By Ryan Davis
Interactive game maker Creative Kingdoms LLC asked the U.S. International Trade Commission to review an administrative law judge's ruling that Nintendo Co. Ltd.'s Wii video game system did not infringe three Creative Kingdoms patents, saying in a petition released Thursday that the judge "made clear errors of law and fact."
In a 134-page initial determination issued Aug. 31 and made public Wednesday, ITC Administrative Law Judge Charles E. Bullock ruled that Nintendo's importation of the Wii and its wireless controllers did not violate Section 337 of the Tariff Act because the patents are invalid and not infringed.
In a petition for review dated Sept. 17 and made public Thursday, Creative Kingdoms said that Judge Bullock "committed reversible error" in finding that patents invalid for lack of written description and enablement, and that to see the error "one need only apply common sense."
According to Creative Kingdoms, it was well-known in the art how to use accelerometers in a handheld game controller to distinguish one motion from another. Since the patents-in-suit make clear that those technologies can be used in the invention, that should have been sufficient to find enablement and adequate written description, Creative Kingdoms said.
The judge's ruling "creates a new enablement standard that is far more stringent and harsh than anything the Federal Circuit has ever applied," the company said, since it would require patentee to disclose every possible embodiment, even for variations that are well-known in the art.
Creative Kingdoms also said that the judge misconstrued key terms of its patents and that even under the incorrect construction, Nintendo still should have been found to infringe. The judge also incorrectly ruled that Creative Kingdoms does not satisfy the domestic industry requirement, it said.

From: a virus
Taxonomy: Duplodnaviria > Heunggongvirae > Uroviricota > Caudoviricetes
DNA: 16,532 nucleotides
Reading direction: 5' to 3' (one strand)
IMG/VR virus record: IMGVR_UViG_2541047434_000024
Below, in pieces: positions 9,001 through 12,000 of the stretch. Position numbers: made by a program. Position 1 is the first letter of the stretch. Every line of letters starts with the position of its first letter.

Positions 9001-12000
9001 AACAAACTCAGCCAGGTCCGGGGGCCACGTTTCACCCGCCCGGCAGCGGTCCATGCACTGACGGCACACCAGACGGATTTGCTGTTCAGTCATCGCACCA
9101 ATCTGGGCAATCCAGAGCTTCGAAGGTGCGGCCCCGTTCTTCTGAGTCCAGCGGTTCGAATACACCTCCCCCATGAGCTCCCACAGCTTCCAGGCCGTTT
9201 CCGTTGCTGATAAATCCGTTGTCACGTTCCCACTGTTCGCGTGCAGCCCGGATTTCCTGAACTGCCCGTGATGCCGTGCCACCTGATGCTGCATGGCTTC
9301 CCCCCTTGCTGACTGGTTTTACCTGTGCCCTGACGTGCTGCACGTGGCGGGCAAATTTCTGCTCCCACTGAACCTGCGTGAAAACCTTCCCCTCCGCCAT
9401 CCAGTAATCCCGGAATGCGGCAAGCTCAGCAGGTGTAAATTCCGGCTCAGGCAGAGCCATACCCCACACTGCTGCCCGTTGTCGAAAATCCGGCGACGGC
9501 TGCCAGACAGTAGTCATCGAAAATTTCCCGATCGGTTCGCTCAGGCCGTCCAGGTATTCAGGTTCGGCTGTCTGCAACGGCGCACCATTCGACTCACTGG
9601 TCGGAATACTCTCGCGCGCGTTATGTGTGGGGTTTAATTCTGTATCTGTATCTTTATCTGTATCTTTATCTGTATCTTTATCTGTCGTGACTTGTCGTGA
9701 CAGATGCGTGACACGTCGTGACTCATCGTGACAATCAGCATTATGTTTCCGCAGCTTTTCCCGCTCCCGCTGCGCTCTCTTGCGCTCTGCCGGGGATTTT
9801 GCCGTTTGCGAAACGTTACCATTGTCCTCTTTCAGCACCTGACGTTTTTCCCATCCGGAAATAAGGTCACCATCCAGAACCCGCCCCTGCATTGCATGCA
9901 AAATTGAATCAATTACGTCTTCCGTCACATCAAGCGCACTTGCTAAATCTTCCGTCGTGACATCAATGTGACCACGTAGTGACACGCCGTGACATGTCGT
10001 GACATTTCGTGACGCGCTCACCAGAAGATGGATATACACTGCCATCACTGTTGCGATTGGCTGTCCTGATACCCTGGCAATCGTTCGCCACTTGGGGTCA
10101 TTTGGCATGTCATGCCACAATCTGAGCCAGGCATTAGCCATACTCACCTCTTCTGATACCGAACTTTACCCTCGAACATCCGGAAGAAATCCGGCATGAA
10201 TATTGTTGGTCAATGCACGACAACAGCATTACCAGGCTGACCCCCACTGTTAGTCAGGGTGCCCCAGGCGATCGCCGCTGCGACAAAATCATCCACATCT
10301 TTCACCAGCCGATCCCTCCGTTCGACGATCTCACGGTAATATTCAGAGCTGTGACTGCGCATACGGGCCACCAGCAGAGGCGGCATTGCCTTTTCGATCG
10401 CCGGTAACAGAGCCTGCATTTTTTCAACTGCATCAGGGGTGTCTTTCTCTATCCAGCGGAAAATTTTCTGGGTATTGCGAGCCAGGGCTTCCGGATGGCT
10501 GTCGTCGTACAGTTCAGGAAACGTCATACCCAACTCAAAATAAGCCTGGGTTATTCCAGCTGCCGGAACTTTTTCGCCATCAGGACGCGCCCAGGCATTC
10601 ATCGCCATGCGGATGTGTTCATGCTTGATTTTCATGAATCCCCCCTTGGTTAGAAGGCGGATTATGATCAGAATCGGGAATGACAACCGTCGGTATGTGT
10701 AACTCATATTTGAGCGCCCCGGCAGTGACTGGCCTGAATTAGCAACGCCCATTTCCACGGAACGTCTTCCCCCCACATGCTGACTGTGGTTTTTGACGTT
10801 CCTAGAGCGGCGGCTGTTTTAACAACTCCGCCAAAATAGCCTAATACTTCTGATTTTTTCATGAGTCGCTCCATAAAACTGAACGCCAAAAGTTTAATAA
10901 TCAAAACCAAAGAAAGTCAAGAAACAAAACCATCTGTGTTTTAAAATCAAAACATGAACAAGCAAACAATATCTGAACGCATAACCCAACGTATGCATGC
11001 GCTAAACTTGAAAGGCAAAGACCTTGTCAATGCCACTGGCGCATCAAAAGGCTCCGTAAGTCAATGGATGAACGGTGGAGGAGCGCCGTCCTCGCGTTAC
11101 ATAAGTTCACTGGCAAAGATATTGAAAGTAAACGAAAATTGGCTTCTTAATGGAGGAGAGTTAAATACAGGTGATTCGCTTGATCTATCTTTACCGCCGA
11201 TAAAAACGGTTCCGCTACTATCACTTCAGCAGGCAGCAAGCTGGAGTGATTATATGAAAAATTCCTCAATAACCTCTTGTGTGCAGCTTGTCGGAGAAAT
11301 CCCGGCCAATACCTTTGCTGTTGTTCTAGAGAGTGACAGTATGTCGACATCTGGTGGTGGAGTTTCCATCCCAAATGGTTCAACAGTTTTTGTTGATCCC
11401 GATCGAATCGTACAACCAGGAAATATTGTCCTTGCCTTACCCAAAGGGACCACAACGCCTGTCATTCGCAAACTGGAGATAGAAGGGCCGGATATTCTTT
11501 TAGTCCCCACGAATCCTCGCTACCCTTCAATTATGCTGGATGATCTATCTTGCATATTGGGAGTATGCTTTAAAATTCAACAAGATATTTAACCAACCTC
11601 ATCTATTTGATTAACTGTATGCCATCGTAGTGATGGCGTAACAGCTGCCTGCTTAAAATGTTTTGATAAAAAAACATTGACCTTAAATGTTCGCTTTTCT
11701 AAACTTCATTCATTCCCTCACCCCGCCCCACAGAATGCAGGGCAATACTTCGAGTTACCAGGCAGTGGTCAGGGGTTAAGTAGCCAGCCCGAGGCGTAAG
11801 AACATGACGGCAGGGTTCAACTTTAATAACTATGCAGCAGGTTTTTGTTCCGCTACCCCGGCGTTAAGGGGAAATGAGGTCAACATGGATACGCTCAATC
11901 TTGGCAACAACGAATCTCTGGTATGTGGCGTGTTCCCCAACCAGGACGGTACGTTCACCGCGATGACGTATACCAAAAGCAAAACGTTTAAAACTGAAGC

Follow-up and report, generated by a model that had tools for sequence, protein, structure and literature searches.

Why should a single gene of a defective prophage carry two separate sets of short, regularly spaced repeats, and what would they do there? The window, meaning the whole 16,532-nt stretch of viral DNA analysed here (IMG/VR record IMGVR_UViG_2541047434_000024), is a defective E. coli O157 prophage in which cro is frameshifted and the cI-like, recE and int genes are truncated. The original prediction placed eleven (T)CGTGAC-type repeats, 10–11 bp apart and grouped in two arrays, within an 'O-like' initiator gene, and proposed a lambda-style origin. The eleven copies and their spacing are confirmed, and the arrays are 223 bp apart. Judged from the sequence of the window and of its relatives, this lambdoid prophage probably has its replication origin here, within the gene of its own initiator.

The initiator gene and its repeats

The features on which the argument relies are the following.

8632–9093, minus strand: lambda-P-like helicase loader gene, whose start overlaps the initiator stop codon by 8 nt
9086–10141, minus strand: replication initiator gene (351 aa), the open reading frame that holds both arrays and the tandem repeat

The ITC's Office of Unfair Import Investigations also asked the commission to review the ruling with respect to the finding that Creative Kingdoms did not satisfy the economic prong of the domestic industry requirement. The ITC staff said the rest of the ruling did not need to be reviewed.
The case began in March 2011, when Creative Kingdoms filed a complaint alleging that Nintendo's popular Wii and 3DS video game systems infringed its patents by mimicking a key feature in Creative Kingdoms' primary product, the MagiQuest video game.
The distinguishing feature of both games is a motion-activated, portable wireless handheld device that "facilitates a physically interactive play experience for participants," the complaint said. "This technology represents the core of Creative Kingdoms' flagship product."
Like Nintendo's Wii system, Creative Kingdoms' MagiQuest features wireless remote controls that look like "magic wands." Players use these wands to control and interact with the video game.
Judge Bullock found that Nintendo's products did not meet all the limitations of the patents and that Nintendo provided clear and convincing evidence that Creative Kingdoms' patents were not enabled, rendering them invalid.
The patents-in-suit are U.S. Patent Numbers 7,500,917; 7,850,527; and 7,896,742.
Creative Kingdoms is represented by James R. Barney, Paul C. Goulet, Michael A. Morin, Aiden C. Skoyles and Susan Y. Tull of Finnegan Henderson Farabow Garrett & Dunner LLP.
Nintendo is represented by Stephen C. Neal, Thomas J. Friel, Timothy S. Teter, Matthew J. Brigham and Stephen Smith of Cooley LLP.
The ITC case is In the Matter of Certain Video Game Systems and Wireless Controllers and Components Thereof, case number 337-TA-770, in the U.S. International Trade Commission.
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